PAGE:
Generator Test Saves Power, Money

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Is it possible to hug a tree while exercising a 2.1 Megawatt diesel generator? Not precisely. But 365 Main’s flagship San Francisco data center was able to save $70,000 in power costs last year from the local utility, Pacific Gas and Electric (PG&E), by altering the procedures for monthly testing of its backup generators. PG&E highlighted 365 Main’s efforts yesterday as part of a broader initiative to encourage data centers to reduce their energy use and impact upon the environment.

“365 Main is truly walking the walk in the data center segment, and we encourage other companies to follow its lead in order to protect all types of businesses from potential power outages on critical peak days and to preserve the environment,” said Al Steubing, PG&E Account Services Director. 365 Main is a participant in PG&E’s Critical Peak Pricing (CPP) program, designed to reduce stress on the good during periods of heavy power demand.

As part of its maintenance program, 365 Main tests each of its 10 Hitec generators once a month by running each of the 3,000 horsepower diesel engines for two hours. The company developed a new testing procedure that allowed it to reduce the use of load banks, the 8-foot tall heating coils traditionally used to test generators by drawing immense amounts of power. The new procedure reduced the facility’s utility power consumption by as much as 12.5 percent during monthly tests, and is compliant with guidelines set by the Bay Area Air Quality Management District (BAAQMD).


“The load bank draws enough power to test a 2 megawatt generator, but it also means an additional 2 Megawatts brought through the grid during the testing phase,” said Miles Kelly, VP of marketing for 365 Main.

J.P. Balajadia, 365 Main’s Vice President of Operations, was able to devise an alternate approach. “What JP was able to do was basically run the load being drawn by the building to the generator, eliminating the need for the load bank,” said Kelly. The technique is possible for data centers with exceptional equipment redudancy. An “N+1″ approach insures that all key data center equipment has a spare on standby in case of an emergency. Kelly says 365 Main is engineered to an “N+2″ standard, with two spare generators supporting the eight primary gensets for the facilty. Customers rely on that redundancy to remain online in case grid power is unavailable.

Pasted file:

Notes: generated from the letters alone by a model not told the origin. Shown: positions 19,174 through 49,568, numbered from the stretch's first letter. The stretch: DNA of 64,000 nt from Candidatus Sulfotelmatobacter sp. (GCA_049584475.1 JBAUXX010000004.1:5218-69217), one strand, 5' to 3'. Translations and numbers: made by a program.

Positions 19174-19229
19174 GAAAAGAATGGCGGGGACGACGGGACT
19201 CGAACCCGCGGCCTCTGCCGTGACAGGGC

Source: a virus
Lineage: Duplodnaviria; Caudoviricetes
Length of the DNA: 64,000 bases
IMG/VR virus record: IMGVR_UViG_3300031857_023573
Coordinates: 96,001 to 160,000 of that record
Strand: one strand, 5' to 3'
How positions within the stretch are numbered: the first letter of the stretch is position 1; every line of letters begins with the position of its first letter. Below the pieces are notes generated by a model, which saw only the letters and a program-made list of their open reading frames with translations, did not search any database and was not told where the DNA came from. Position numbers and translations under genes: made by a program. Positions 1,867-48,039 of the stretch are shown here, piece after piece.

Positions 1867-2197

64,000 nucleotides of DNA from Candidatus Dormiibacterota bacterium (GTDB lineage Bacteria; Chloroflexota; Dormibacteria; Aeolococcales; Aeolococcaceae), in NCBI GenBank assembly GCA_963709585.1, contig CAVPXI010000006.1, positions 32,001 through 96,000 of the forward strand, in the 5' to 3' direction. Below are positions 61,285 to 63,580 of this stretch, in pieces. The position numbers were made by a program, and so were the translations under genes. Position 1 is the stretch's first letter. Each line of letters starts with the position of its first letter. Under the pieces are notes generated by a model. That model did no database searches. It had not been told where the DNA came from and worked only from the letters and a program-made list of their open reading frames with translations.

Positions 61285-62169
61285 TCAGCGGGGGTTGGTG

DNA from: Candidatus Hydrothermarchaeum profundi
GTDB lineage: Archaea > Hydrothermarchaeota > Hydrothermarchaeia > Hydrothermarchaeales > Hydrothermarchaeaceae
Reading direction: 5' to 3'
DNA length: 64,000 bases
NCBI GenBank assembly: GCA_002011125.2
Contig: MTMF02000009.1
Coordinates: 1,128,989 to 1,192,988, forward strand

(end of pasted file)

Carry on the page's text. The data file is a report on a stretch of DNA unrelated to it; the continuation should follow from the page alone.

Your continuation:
“The first question was, if we’re testing the generator using building load, are we no longer at N+1,” said Kelly. “The answer is no, because you’re only testing one generator and you have one more available as backup. That’s the beauty of an N+2 setup.”

Hundreds of PG&E business customers participate each year in the voluntary CPP program, which offers seasonal discounts to single-building customers that reduce energy usage away from peak periods between May 1 and October 31.

About the Author

Rich Miller is the founder and editor at large of Data Center Knowledge, and has been reporting on the data center sector since 2000. He has tracked the growing impact of high-density computing on the power and cooling of data centers, and the resulting push for improved energy efficiency in these facilities.

One Comment

  1. There are programs like this all over the country. The concept is called Demand Response; the reduction of electrical consumption at the end-use customer level in response to high wholesale electricity prices, system resource capacity needs, or system reliability events. The reduction can be achieved through curtailment (e.g. turning off lights, raising temperature setpoints) or self-generation (e.g. turning on backup generators). End-users typically receive payments for participating. These programs are ideal for data centers as they typically have significant backup power and it's a great opportunity to test infrastructure and reduce exposure to blackouts. My company EnerNOC (www.enernoc.com) operates these programs for end users in 20 states and represents multiple data centers and telco facilities